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Dentistry for Kids
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Dentistry for Babies
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Preventive Care

Dental Sedation

Sedation

Firestone Pediatric Dentistry offers three forms of sedation: nitrous oxide, conscious sedation and outpatient general anesthesia. Each sedation procedure is dependent on the treatment and comfort level of your child. We always take into consideration your concerns as a parent. We do everything to ensure both you and your child are comfortable and safe while our dental professionals provide the best treatment possible.

Nitrous Oxide (Laughing Gas)

Nitrous oxide, commonly known as laughing gas or happy air, is a non-addictive substance used to relax patients during dental treatment. The American Academy of Pediatric Dentistry approves the use of laughing gas on childrenas a safe and effective behavior guidance technique. Laughing gas will not put your child to sleep but will make your child more comfortable and less anxious. After the procedure, your child will breathe 100% oxygen and the laughing gas will quickly be eliminated from the body. There will not be any laughing gas remaining in your child’s body when they leave the dental office.

Prior to your appointment:

  • Please inform us of any change to your child’s health and/or medical condition.
  • Tell us about any respiratory condition that makes breathing through the nose difficult for your child. It may limit the effectiveness of the nitrous oxide.
  • Let us know if your child is taking any medication on the day of the appointment.

Conscious Sedation

Conscious Sedation may be recommended for apprehensive or restless children. This may include very young children and children with special needs. It is used to calm your child and to reduce the anxiety or discomfort associated with dental treatments. There are a variety of different medicationsfor conscious sedation and your child will be prescribed the medication best suited for their overall health and dental treatment recommendations. We will be happy to answer any questions you might have concerning the specific drugs we recommend.

Prior to your appointment:

  • Please notify us of any change in your child’s health and/or medical condition. Do not bring your child for treatment with a fever, ear infection or cold. Should your child become ill, contact us to see if it is necessary to postpone the appointment.
  • You must tell the doctor of any drugs that your child is currently taking and any drug reactions and/or change in medical history.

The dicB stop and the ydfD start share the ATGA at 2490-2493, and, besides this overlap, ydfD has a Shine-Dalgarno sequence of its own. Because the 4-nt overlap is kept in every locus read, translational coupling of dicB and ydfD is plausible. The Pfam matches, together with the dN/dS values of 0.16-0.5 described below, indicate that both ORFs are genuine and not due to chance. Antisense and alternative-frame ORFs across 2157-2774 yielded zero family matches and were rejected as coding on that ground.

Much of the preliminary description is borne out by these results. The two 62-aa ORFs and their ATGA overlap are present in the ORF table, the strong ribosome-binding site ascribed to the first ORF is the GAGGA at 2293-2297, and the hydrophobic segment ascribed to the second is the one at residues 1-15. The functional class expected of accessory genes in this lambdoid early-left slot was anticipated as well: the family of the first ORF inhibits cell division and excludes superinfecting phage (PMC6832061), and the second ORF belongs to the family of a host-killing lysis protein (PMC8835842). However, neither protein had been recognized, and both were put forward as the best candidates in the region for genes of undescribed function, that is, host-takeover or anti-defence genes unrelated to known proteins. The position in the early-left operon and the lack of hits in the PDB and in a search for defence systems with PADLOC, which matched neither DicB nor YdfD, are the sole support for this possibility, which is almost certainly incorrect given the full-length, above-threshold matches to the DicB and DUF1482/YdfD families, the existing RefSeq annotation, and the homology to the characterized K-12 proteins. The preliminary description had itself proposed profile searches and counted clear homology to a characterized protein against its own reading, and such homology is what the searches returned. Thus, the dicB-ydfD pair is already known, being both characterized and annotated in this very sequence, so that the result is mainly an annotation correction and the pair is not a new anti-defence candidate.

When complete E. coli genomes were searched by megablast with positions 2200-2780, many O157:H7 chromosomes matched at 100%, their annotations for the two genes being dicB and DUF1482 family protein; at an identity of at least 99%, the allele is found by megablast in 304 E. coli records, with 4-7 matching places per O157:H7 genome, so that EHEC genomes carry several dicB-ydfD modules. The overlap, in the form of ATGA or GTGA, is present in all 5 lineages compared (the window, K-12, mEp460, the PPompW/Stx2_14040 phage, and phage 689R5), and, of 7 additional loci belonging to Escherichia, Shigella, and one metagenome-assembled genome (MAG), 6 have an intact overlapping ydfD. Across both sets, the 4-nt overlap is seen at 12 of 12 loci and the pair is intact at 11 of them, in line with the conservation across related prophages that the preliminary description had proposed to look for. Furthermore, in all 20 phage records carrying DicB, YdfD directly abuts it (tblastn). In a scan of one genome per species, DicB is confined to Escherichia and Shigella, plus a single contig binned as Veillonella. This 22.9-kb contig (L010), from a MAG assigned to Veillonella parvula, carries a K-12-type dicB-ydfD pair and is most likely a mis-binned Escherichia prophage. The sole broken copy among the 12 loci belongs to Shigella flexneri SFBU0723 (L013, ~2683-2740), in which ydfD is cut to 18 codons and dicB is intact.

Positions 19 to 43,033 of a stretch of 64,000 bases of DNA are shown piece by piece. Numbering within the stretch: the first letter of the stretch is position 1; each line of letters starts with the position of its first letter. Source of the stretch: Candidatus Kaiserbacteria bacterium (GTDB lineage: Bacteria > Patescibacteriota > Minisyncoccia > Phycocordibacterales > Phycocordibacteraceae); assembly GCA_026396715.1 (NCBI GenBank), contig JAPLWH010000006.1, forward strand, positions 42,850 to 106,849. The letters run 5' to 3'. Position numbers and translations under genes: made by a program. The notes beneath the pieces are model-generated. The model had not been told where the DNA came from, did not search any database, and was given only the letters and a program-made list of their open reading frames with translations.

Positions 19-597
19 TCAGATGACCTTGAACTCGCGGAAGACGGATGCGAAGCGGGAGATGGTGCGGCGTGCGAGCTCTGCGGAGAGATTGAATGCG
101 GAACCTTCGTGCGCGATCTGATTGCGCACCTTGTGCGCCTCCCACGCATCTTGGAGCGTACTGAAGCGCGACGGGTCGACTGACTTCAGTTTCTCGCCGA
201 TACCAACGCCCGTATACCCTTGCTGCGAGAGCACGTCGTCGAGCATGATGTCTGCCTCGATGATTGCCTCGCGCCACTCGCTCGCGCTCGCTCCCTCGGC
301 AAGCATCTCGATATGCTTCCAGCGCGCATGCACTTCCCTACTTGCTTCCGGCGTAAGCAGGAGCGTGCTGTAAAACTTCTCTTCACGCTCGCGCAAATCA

• Your child should not have solid food for at least 6 hours prior to their sedation appointment and only clear liquids for up to 4 hours before the appointment.
  • The child’s parent or legal guardian must remain at the office during the complete procedure.
  • Please watch your child closely while the medication is taking effect. Hold them in your lap or keep them close to you. Do not let them “run around.”
  • Your child will act drowsy and may become slightly excited at first.

After Conscious Sedation

  • Your child will be drowsy and will need to be monitored very closely. Keep your child away from areas of potential harm.
  • If your child wants to sleep, place them on their side with their chin up. Wake your child every hour and encourage them to have something to drink in order to prevent dehydration. At first it is best to give your child sips of clear liquids to prevent nausea. The first meal should be light and easily digestible.
  • If your child vomits, help them bend over and turn their head to the side to ensure that they do not inhale the vomit.
  • Because we use local anesthetic to numb your child’s mouth during the procedure, your child may have the tendency to bite or chew their lips, cheeks, or tongue. Please observe your child carefully to prevent any injury to these areas.
  • Our doctors will discuss specific instructions with you regarding your child’s care before and after treatment. Please call our office for any questions or concerns that you might have.

Hospital Dentistry

If necessary, outpatient general anesthesia may be recommended for apprehensive children with extensive dental decay, very young children, and children with special needs. Drs. Brady and Lane will be happy to discuss the risks and benefits of comprehensive dental treatment using general anesthesia if they feel this is a treatment option for your child.